Wolfson Institute of Preventive Medicine

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Reflex DNA Test

The Reflex DNA test involves taking two blood samples in the 11th, 12th or 13th week of pregnancy.

One sample is used straight away to carry out a Combined test while the other sample is retained and only used for a DNA test if this is indicated by the result of the Combined test. 

The Combined test involves:

i) performing an ultrasound scan examination to precisely determine the gestational age of the pregnancy and to measure the nuchal translucency (NT) thickness, a space at the back of the baby’s neck.

ii) taking a sample of your blood to measure the concentration of pregnancy associated plasma protein-A (PAPP-A) and free ß human chorionic gonadotrophin (free ß-hCG).

In pregnancies with Down's syndrome, the PAPP-A level tends to be low and NT measurement and the free ß-hCG level tend to be raised. In pregnancies with Edwards or Patau syndrome the NT measurement tends to be raised while the PAPP-A and free ß-hCG levels tend to be low.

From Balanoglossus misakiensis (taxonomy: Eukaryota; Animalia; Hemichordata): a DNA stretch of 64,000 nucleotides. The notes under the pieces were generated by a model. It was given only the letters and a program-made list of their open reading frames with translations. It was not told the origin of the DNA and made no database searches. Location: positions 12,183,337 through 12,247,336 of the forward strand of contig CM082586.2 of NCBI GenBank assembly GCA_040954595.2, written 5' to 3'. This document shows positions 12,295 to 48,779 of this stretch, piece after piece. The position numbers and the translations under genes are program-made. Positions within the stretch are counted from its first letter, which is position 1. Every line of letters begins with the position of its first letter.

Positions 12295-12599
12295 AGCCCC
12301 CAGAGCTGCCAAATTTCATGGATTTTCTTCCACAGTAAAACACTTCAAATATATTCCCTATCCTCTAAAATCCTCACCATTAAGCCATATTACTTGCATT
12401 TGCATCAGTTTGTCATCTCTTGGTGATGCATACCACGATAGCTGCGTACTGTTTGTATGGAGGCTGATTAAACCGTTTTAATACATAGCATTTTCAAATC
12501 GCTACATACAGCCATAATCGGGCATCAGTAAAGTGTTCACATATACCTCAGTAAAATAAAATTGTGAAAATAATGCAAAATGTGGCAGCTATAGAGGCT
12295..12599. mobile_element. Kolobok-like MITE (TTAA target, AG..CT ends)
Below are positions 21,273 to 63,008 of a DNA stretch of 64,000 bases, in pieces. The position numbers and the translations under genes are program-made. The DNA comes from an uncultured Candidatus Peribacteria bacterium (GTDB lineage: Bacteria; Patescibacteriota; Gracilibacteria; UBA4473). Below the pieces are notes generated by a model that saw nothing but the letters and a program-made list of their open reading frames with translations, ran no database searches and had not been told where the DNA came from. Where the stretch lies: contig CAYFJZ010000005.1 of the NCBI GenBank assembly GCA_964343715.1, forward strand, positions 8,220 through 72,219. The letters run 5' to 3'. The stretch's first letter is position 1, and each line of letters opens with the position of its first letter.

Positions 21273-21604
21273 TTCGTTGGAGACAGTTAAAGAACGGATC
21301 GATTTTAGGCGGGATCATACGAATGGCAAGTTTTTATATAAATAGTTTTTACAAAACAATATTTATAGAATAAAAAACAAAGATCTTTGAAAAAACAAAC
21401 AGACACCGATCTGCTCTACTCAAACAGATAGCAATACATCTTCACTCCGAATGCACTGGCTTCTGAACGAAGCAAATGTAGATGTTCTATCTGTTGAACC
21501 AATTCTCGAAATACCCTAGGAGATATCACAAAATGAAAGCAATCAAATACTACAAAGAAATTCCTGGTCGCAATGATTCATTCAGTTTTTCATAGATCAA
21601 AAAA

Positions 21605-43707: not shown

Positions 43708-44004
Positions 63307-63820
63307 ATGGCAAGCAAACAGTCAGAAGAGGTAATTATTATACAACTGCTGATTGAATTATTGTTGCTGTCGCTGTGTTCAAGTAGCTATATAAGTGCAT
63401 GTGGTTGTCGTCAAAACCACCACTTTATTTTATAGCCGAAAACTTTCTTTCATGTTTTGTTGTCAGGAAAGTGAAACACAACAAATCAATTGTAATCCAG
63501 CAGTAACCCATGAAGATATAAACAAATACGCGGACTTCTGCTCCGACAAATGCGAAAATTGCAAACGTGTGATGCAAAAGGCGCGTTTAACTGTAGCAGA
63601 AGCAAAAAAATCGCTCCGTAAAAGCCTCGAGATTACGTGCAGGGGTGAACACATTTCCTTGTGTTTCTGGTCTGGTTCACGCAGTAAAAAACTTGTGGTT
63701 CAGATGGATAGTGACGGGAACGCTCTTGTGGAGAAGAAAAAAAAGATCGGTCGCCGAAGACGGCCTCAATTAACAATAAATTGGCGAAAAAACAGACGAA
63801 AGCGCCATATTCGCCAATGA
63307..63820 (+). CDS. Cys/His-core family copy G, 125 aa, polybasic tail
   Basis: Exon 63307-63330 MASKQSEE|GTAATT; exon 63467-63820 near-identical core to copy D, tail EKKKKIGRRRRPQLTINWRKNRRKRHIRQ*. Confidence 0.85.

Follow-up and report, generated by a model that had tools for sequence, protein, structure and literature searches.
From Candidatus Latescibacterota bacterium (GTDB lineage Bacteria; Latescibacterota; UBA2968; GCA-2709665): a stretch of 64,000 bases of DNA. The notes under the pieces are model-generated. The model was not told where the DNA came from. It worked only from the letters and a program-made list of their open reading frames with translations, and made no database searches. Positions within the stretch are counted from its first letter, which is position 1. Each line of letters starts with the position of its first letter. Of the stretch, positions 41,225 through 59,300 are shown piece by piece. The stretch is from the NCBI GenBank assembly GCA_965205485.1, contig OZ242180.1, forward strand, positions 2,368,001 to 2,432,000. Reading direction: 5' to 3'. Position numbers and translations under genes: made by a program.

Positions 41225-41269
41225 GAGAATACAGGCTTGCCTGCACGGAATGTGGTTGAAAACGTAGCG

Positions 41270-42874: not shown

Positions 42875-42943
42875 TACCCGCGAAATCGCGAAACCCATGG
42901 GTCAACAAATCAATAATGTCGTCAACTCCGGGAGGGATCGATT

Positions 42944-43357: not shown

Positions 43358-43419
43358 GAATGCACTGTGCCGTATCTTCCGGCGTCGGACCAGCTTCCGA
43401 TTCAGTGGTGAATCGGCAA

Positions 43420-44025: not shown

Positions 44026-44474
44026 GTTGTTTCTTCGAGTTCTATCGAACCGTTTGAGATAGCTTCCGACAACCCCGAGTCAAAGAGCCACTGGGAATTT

If the risk derived from the Combined test is greater than or equal to 1 in 300 the additional sample taken

for DNA analysis is automatically tested without reporting a result and avoiding the need to recall you for

your DNA test. This automatic testing strategy is called reflex testing. About 1 in 20 women will have their

DNA sample tested in this way.

The DNA test involves:

i) analysing cell free DNA in your blood which contains a small amount of your baby's DNA as well as your own. In pregnancies with Down's, Edwards or Patau syndrome there will be a little bit more DNA from chromosomes 21, 18 or 13 respectively. The test depends on measuring this extra amount.

Currently 5 NHS hospitals provide reflex DNA screening to women booking for their antenatal care; the Royal London, Newham and Whipps Cross Hospitals (Barts Health), Kingston Hospital and Liverpool Women’s Hospital.

For further information about reflex DNA screening click here.

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